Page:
Wood Burners Could Be Banned
Proposed crackdown on fireplaces, stoves among toughest in Bay Area
Paul Payne, Press Democrat, 07/16/2003
The sweltering heat won't be the only burning issue in Sebastopol this summer.
Tough new restrictions on fireplaces and wood stoves could become law as part of an effort to clear the air of unhealthy chimney smoke.
A proposed ordinance before the City Council requires homeowners to replace outdated units when their houses go on the market and bans the use of all wood-burning fireplaces in four years.
If adopted, Sebastopol's new rules would be among the toughest in the Bay Area.
The North Bay Association of Realtors opposes a key provision that would require homeowners to replace older units before a sale, said Kathy Hayes, director of governmental affairs for the group.
"We don't think we should be the inspectors," Hayes said. "If the city wants to do this, they should do it."
Sebastopol has sought a wood-smoke rule since last year, when council members first heard complaints about chimney emissions.
After a contentious public meeting in December, the council commissioned a group of air-quality regulators, wood stove sellers and real estate agents to come up with standards.
Led by Councilwoman Linda Kelley, the group submitted a six-page draft June 30.
The council will consider it at an Aug. 5 meeting.
Kelley did not return phone calls Monday seeking comment.
The draft is similar to the earlier proposal, requiring older devices not certified by the Environmental Protection Agency after 1990 to be replaced.
It also requires that wood stoves be upgraded at the time of home remodeling or sale, and calls for an outright ban on wood-burning fireplaces by 2007.
Noncompliant fireplace inserts and stoves would have to be replaced or made inoperable by 2004. And no new wood-burning devices would be allowed after 2007.
Exempt from the rules would be stoves used for cooking food and gas appliances. Homes with old devices that are the only source of heat also could be waived.
Violation of the ordinance would be a misdemeanor, punishable by a maximum $500 fine and jail time.
Todd Cunningham, the city's chief building official, said the goal is to reduce small airborne particles that contain carcinogens and cause respiratory ailments.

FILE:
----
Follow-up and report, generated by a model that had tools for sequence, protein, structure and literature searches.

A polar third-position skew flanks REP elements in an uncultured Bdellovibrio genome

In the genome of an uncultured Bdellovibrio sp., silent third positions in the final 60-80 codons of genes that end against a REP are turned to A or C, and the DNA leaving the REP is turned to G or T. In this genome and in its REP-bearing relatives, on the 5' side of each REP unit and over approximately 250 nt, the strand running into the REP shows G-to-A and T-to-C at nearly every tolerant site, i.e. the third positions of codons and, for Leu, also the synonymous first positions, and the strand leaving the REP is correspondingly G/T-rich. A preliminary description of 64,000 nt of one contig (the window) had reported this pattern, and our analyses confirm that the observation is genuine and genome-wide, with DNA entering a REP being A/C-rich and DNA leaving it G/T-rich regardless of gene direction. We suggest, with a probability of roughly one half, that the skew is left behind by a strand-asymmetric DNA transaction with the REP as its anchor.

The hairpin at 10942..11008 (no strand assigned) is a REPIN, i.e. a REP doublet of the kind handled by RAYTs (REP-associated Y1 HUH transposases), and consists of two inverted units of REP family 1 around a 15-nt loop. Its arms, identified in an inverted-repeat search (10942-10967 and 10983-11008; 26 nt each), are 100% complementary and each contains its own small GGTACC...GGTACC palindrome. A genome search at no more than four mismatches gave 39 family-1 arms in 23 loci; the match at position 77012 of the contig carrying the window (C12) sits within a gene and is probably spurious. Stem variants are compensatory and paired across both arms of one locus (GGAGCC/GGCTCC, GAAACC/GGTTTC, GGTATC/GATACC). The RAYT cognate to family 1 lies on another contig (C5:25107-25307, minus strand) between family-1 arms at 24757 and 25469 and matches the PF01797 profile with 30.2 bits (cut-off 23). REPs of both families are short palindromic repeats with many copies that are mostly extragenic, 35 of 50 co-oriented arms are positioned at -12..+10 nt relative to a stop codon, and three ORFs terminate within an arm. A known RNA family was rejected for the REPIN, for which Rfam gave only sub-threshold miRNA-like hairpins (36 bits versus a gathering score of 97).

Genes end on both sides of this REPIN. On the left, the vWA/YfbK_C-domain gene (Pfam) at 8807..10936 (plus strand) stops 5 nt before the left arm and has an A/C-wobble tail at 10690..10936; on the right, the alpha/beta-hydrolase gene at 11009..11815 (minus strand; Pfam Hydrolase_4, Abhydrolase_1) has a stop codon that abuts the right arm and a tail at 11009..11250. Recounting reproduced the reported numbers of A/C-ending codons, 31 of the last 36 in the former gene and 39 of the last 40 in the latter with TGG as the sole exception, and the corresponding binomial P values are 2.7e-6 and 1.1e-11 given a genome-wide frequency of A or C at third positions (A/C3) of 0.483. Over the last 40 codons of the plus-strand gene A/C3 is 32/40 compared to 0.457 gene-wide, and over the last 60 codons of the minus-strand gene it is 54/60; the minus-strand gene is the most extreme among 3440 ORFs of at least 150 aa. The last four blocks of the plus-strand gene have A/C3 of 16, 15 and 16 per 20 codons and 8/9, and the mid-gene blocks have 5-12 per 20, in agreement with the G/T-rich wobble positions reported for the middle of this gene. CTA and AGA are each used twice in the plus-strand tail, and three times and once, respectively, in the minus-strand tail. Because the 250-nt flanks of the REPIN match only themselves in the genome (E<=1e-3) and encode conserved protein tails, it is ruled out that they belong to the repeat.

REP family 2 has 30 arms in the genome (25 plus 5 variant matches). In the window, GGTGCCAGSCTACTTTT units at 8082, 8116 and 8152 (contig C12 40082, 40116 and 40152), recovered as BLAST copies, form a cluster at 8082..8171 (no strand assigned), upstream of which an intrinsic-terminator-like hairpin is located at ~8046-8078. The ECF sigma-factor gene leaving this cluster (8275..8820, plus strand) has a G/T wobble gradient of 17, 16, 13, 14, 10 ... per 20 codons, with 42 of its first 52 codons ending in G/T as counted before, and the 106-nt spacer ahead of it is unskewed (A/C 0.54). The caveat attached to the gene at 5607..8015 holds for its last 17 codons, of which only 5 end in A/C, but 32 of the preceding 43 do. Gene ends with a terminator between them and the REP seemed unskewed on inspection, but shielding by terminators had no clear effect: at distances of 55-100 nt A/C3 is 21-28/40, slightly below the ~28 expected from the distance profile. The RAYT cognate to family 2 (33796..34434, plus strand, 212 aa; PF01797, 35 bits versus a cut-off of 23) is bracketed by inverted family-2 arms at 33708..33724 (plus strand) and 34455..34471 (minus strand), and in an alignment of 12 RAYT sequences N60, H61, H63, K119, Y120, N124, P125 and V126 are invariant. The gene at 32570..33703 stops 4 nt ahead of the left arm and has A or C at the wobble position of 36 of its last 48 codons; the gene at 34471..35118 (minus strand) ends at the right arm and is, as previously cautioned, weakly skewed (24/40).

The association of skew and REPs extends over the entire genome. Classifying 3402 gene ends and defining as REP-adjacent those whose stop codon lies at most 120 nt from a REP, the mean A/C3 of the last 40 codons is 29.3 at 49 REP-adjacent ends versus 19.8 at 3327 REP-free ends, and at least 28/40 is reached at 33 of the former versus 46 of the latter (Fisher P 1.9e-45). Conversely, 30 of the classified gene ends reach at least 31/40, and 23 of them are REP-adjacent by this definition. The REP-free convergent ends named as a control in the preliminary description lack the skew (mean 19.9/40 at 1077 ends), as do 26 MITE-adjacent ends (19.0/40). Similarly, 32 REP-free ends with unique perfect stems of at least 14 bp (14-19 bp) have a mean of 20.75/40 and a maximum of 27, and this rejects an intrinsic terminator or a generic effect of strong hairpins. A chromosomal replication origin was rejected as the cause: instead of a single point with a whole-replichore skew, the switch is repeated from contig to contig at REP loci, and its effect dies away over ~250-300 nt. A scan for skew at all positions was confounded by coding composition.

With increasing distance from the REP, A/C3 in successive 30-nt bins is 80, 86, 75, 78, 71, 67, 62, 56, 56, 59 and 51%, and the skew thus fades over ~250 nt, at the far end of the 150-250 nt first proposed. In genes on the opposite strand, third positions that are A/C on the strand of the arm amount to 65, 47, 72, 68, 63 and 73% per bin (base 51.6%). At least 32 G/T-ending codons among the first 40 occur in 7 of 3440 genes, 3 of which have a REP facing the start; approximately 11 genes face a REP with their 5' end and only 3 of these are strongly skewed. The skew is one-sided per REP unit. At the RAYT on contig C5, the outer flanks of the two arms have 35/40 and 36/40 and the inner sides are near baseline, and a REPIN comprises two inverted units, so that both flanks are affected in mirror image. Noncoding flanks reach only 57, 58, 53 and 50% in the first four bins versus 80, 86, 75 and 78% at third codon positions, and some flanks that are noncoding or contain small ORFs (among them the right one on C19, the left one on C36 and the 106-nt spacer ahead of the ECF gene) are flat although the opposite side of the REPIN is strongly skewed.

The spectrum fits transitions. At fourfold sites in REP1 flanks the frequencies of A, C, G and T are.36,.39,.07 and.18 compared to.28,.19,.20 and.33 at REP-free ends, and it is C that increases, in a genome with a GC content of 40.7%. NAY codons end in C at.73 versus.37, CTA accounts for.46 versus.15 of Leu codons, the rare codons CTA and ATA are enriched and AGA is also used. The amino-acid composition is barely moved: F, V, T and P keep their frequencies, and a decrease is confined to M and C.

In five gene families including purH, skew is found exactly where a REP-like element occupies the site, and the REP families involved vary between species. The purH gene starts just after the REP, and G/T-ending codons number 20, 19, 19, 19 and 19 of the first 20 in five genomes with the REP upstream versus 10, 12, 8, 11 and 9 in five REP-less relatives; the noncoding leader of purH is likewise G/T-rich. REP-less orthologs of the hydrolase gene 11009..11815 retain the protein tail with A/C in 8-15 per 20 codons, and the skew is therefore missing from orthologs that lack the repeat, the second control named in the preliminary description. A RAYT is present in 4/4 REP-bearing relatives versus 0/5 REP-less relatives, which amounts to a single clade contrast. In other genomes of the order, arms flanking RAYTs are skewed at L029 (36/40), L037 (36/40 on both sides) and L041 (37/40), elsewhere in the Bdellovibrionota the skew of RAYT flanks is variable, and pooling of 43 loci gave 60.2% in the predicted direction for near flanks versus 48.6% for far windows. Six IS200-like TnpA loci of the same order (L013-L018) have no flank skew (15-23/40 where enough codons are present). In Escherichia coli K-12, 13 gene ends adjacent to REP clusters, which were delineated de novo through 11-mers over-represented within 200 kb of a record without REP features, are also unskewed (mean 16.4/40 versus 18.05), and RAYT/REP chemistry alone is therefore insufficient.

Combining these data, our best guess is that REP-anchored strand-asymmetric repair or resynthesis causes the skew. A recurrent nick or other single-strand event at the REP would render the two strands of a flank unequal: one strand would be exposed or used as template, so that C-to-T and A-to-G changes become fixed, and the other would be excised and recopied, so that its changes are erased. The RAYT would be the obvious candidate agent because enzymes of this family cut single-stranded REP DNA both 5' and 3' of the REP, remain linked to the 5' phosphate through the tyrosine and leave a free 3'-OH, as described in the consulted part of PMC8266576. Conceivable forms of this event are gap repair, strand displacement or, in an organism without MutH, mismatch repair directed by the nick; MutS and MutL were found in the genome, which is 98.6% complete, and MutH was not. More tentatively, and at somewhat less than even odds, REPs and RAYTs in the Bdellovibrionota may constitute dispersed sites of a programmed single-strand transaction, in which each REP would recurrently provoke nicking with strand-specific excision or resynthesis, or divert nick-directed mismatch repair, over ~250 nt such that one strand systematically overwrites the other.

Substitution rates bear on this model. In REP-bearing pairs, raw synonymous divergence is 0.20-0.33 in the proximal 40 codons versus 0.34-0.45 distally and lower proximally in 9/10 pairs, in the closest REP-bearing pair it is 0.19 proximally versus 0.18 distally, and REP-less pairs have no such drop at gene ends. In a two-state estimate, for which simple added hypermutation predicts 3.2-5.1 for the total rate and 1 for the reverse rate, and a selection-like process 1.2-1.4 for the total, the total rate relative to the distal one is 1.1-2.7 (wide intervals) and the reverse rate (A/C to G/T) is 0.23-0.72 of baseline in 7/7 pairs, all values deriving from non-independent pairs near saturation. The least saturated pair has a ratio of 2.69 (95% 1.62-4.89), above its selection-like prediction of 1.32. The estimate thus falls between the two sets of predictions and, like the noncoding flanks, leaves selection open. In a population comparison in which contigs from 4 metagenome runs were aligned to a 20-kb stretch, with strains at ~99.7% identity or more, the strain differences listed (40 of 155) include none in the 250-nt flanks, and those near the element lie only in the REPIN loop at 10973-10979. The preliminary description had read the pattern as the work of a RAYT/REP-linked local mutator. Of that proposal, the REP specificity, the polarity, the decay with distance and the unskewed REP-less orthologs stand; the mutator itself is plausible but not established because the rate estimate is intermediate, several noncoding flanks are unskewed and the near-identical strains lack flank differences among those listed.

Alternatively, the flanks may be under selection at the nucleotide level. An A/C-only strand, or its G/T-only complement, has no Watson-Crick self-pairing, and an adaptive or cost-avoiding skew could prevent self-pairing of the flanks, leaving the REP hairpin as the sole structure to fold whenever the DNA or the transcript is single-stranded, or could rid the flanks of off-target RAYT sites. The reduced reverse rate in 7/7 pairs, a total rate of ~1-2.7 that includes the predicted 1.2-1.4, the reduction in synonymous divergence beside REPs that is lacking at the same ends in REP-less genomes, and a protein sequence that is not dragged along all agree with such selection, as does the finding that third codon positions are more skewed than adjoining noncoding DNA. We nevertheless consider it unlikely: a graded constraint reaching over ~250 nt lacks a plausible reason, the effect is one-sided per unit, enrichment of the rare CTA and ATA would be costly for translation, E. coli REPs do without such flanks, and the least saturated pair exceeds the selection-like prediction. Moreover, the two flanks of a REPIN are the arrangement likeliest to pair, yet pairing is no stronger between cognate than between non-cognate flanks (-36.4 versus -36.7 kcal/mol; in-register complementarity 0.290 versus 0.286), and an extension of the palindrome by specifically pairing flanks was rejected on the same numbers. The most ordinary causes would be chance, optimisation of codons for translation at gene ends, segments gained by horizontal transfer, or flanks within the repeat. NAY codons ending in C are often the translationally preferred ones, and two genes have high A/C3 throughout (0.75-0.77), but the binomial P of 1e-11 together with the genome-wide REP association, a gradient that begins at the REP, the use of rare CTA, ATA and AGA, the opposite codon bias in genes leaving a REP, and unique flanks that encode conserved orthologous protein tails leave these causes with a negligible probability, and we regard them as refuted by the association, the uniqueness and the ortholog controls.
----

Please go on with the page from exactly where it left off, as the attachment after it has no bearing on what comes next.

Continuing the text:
Part of the draft ordinance includes public instruction on health problems, he said.
"Anything that cleans the air is good," Cunningham said. "It just depends on how you approach it."
Santa Rosa adopted less-stringent wood-smoke rules in 2002, in part because regional air standards were lower then.
In Santa Rosa, old stoves and fireplace inserts must be replaced by 2004. But open-hearth fireplaces will not be banned and sellers must disclose only noncompliant appliances.
Exactly how many Sebastopol homes would be forced to meet the tougher standards or how much it would cost was not known.
But Hayes, who said North Bay air has not worsened over the past few years, said it would be an expense to homeowners.
She said the restrictions were too heavy and she criticized officials for dumping part of the burden for enforcing standards on the real estate industry.
"Real estate professionals are going to be asked to be fireplace police," Hayes said.
Cunningham said city inspectors would be largely responsible for enforcement, along with the city attorney. The city would act on specific complaints and would not go door-to-door looking for violators.
"We're going to try to do this in a friendly way," Cunningham said. "(The deadlines) will creep up pretty fast."
The Sebastopol City Council is considering an ordinance that would phase in new restrictions on wood-burning fireplaces and stoves over the next four years. The deadlines:
|About Melissa Kaplan|
|Green Iguana Care|
|Coping||Gender||Thyroid||Help Support This Site|
|Diagnosis||Hormones||CND Home||Advance Care Directives|
|Differential Dx||Lyme Disease||Anapsid Home||Emergency Preparedness|
© 1994-2014 Melissa Kaplan or as otherwise noted by other authors of articles on this site